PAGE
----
The Ecommerce Lifecycle with AJ Khanijow
About AJ Khanijow
AJ Khanijow is the founder of Fulfyld, a warehousing and fulfillment company based in Huntsville, Alabama. AJ and his team at Fulfyld specialize in e-commerce fulfillment. Prior to founding Fulfyld, AJ held business development and leadership positions in the manufacturing, technology, packaging, and consulting industries. AJ earned an industrial engineering degree from Auburn University.
Fulfyld is an e-commerce fulfillment and warehousing company based in Huntsville, Alabama. Fulfyld’s unique service offering includes the technology and customer service required by direct to consumer brands along with deep expertise in value-added services, product sourcing, and packaging that enables them to become an extension of their customer’s supply chain. Customers range from local to global companies, each with unique e-commerce fulfillment needs. Fulfyld integrates directly with e-commerce marketplaces and shopping carts to simplify your shipping process. Fulfyld ships same-day, every day, for one flat-rate.
Key Takeaways: The Ecommerce Lifecycle
The Ecommerce Lifecycle
- The prospective customer comes to the website, usually using a computer or tablet, but increasing via phones. Prior to the visit, lots of things happened, website development, SEO, messaging, branding, etc..
- The prospective customer becomes a customer by adding something to their cart, buying something. The transaction begins.
- The customer’s transaction is processed via sales channels or online commerce platform that ecommerce companies use to run their business. For ecommerce, the sales channels include marketplaces like Amazon, eBay, Jett, or Walmart.
- The customer’s transaction is converted into an order so that it can be provided to the fulfillment center for picking, packing, and shipping. Fulfillment centers typically used a warehouse management system (WMS) to manage orders.
- The fulfillment center associate receives the order via a printed sheet or handheld scanner. Next, the associate scans the product and adds it to a tote. The tote, which contains one product is taken to the packing area.
- Once the tote arrives in the packing area, the products within the tote are scanned again to ensure the right products got picked. The products are packed according to the size of the order and predefined packaging and packing guidelines.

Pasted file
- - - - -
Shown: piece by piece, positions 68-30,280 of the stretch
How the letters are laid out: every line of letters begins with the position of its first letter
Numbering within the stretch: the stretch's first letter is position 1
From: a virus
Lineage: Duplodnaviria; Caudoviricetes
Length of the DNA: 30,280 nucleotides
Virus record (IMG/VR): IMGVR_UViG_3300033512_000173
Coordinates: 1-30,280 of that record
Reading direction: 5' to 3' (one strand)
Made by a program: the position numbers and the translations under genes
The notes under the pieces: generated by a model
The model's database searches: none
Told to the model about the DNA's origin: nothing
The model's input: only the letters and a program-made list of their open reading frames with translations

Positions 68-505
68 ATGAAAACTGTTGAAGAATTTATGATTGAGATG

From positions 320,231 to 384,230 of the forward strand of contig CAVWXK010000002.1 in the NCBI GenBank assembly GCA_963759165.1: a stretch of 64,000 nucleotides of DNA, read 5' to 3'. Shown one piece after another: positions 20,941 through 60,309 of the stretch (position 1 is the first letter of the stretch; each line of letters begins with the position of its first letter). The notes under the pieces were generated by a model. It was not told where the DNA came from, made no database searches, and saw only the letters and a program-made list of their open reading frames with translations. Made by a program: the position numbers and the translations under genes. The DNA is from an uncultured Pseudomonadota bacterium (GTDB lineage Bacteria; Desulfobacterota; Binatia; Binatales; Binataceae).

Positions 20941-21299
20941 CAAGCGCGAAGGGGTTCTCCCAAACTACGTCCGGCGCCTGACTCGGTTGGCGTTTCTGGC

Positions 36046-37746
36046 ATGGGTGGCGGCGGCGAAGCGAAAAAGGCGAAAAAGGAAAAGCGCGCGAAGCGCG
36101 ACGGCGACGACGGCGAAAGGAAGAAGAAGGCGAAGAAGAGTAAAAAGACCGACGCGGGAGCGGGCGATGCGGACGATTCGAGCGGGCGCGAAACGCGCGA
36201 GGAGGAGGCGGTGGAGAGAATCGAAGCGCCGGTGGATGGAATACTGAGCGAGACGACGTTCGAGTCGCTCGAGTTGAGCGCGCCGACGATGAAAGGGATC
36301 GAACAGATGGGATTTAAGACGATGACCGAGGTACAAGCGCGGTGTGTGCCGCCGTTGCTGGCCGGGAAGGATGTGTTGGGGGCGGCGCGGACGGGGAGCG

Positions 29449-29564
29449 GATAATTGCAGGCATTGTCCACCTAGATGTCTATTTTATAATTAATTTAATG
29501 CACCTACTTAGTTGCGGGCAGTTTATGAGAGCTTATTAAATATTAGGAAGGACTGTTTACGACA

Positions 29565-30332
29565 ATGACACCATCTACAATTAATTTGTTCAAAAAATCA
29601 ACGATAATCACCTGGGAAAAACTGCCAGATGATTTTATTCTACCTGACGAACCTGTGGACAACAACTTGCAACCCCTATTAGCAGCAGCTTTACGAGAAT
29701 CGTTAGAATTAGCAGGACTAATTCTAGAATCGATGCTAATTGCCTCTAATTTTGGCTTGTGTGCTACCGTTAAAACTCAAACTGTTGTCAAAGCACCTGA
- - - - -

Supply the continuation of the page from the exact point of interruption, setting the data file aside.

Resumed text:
- Lastly, the barcode scanner prints out the shipping label, and the shipping team associate adds the label to the package. In the background, the tracking information is communicated to the customer. The package is picked up, usually by USPS, FedEx, or UPS.
- Returns process
- The consumer initiates a return online.
- Once the return is approved, a shipping label is generated by the WMS or sales channel. The shipping label is emailed to the consumer.
- The consumer repacks the product, adds the shipping label, and gives it to the small parcel provider.
- The returned product is received and scanned into by the return center (often the same fulfillment center that shipped it).
- The returned product is added back to inventory, discarded, or repaired.
- Once the product is received and scanned, the inventory count is updated and the sales channel initiates a refund or exchange transaction.
Common problems in the Ecommerce Lifecycle
- Ecommerce sellers don’t watch or monitor their orders closely enough which is an issue because sometimes there are glitches in systems and orders don’t move through the order process.
- Managing barcodes and SKUs (duplicates) – details matter
- Lack of inventory planning
- If you run out of inventory, the marketplaces like Amazon penalize ecommerce sellers who run out of inventory. If your product isn’t available, your company will move lower on Amazon page rankings
- Customer expectations have risen in regards to online buying and they expect the product they purchase to be available
- To avoid problems ecommerce sellers must manage their SKUs – incorrect, duplicate, or too many SKUs can drive errors and additional costs.
- Selecting the wrong fulfillment partner is another common mistake in the ecommerce business. Managing ecommerce fulfillment can be challenging and not every warehousing company is capable. There are a lot of new fulfillment centers that are new and lack the proper experience. Many of the older warehousing companies specialize in other industries and are not used to the high volume of ecommerce shipments or home deliveries. If your warehousing company specializes in automotive OEM, they might not be good for your Etsy customers.